Another example….In order to test the quality of authorization controls over Corporate Credit Card expenditures in a more efficient and effective manner, internal auditors develop a series of continuous, data analytic tests to identify corporate credit card policy violations, such as personal expenses (travel,. jewelry, alcohol, clothes, home furniture, etc.), use by unauthorized cardholders, split purchases to avoid authorization limits, transactions involving prohibited merchants, etc.  The above data analysis tests are turned over to the Corporate Credit card manager who runs them on a monthly basis, as a control over credit card usage.  Internal Audit verifies on a monthly basis that the manager has run this control (i.e. these analytic tests).


The Business Case for CA is built around several benefits, the most important among them being:

  1. Comprehensive validation of the efficiency and effectiveness of the current internal control system, with prompt notification of control breakdowns, process deficiencies, data errors, missed SLAs with clients, IT security violations, Segregation of Duties violations, non-compliance with internal policies & procedures – which allows management to respond promptly with corrective action that prevents or minimizes losses.
  2. More effective and efficient risk assurance, focusing on key risks, both current and emerging, for business operations, reporting and compliance
  3. Prompt identification of non-compliance with external laws & regulations across diverse systems, geographies, summarizing them into an enterprise view of regulatory compliance, and enabling the organization to reduce the costs of compliance (penalties, etc), over time
  4. Deterrent against fraud owing to real-time, or near real-time audit activity
  5. Greater risk & controls coverage by Internal Audit within budget constraints


Finally, a few key implementation perspectives, Do’s and Don’ts….

  • Whether you are monitoring a risk or testing a control, and whether you do it sitting at your computer, or by physically visiting a location, it must be remembered that under CA, you are providing a much deeper level of assurance, since the monitoring, testing and reporting is ongoing / repeated as per a pre-defined schedule, throughout the audit cycle. As a result of this ongoing / repeated testing, it is vital within a CA framework, to diligently follow the pre-defined continuous audit plan, to validate all potential findings with process owners, to summarize repeat audit findings into common trends, and to perform root cause analysis for each finding.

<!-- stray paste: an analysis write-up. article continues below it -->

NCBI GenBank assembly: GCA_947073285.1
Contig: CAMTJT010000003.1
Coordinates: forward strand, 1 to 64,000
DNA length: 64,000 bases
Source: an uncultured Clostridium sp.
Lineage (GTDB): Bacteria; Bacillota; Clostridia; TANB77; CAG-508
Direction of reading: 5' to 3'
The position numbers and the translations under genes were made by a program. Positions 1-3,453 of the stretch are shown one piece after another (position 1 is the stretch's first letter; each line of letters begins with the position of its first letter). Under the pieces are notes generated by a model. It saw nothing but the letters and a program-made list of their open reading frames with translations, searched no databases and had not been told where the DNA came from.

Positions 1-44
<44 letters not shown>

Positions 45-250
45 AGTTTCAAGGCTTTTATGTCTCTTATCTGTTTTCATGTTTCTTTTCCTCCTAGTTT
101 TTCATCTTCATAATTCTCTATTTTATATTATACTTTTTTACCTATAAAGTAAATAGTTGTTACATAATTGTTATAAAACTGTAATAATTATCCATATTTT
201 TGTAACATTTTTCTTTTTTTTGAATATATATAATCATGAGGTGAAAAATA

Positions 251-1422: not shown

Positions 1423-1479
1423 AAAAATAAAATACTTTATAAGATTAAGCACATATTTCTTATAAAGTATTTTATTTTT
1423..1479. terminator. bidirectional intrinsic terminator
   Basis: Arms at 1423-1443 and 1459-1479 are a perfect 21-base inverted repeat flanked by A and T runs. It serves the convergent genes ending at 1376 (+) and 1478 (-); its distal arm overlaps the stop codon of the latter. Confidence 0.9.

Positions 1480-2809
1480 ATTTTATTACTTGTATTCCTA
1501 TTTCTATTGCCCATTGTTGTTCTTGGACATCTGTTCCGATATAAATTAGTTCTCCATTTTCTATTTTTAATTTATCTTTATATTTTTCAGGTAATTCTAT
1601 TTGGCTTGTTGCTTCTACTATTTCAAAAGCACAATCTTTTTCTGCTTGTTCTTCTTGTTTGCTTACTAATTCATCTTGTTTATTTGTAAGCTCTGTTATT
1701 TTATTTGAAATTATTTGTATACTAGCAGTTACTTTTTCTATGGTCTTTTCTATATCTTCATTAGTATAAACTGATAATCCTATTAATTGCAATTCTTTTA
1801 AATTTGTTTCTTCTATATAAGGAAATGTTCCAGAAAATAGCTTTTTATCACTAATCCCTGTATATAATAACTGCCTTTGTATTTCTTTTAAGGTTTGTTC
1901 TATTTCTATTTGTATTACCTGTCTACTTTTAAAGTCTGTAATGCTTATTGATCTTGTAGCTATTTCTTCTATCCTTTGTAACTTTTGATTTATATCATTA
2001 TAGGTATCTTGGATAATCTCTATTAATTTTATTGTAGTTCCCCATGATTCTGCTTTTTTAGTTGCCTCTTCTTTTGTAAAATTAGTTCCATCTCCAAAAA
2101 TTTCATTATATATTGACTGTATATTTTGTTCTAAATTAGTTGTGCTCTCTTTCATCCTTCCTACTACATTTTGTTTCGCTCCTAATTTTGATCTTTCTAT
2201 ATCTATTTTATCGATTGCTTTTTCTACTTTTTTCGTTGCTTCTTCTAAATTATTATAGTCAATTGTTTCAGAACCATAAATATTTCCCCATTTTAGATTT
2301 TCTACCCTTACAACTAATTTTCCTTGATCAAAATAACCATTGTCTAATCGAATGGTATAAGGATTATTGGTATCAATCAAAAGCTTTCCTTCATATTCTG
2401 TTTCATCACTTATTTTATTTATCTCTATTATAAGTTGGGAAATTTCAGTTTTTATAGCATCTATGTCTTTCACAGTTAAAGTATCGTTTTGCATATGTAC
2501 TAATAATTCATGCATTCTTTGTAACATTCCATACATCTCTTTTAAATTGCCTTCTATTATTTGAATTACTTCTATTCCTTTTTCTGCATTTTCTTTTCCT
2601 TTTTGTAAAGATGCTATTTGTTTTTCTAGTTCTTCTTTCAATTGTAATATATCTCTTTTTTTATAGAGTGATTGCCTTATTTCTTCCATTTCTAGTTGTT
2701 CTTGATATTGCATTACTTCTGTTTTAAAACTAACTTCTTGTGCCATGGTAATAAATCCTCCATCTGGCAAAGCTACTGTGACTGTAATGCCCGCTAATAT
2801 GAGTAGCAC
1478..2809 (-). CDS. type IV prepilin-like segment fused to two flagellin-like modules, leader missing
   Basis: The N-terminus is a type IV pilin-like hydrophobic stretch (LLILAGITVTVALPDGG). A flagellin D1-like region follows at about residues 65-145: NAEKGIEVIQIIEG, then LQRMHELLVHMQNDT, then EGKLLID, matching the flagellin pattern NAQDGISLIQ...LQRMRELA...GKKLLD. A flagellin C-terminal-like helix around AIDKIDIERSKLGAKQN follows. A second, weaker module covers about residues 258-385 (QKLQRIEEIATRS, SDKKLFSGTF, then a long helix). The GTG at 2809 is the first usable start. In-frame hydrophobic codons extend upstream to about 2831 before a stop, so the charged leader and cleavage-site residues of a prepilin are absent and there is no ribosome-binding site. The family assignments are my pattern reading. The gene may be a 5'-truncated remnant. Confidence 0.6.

• It should also be noted that there are certain types of controls that are suitable for continuous controls testing – for instance, controls over high volume transaction processing, and certain others that are not suitable for continuous testing – for instance authorization controls over judgmental areas.
  • Get Board sponsorship – this is not an IT project – it is a Business Improvement Program – position it, and treat it as such
  • The Head of Internal Audit / CAE provides the vision, and a “CA Champion” is needed to provide the push and the glue that keeps different stakeholders moving towards the common goal of program success
  • Start small, with “low-hanging fruit”, build confidence, then gradually expand areas covered by CA
  • When CA is first implemented, you will likely find a lot of exceptions. The exceptions were there yesterday, but no-one knew.  Encourage recognition of the fact you have moved the inspection ‘microscope’ from 1x to 1000x magnification
  • Report continually – No surprises


CA is the way forward, and while it may be at the “cutting-edge” of developments in the internal audit profession today, it is soon expected to become one of THE MOST IMPORTANT ways in which the Internal Audit profession remains relevant to organizations of the future!

PORUS PAVRI, CRMA, CIA, CA is a partner at Logos Consultants in Dubai.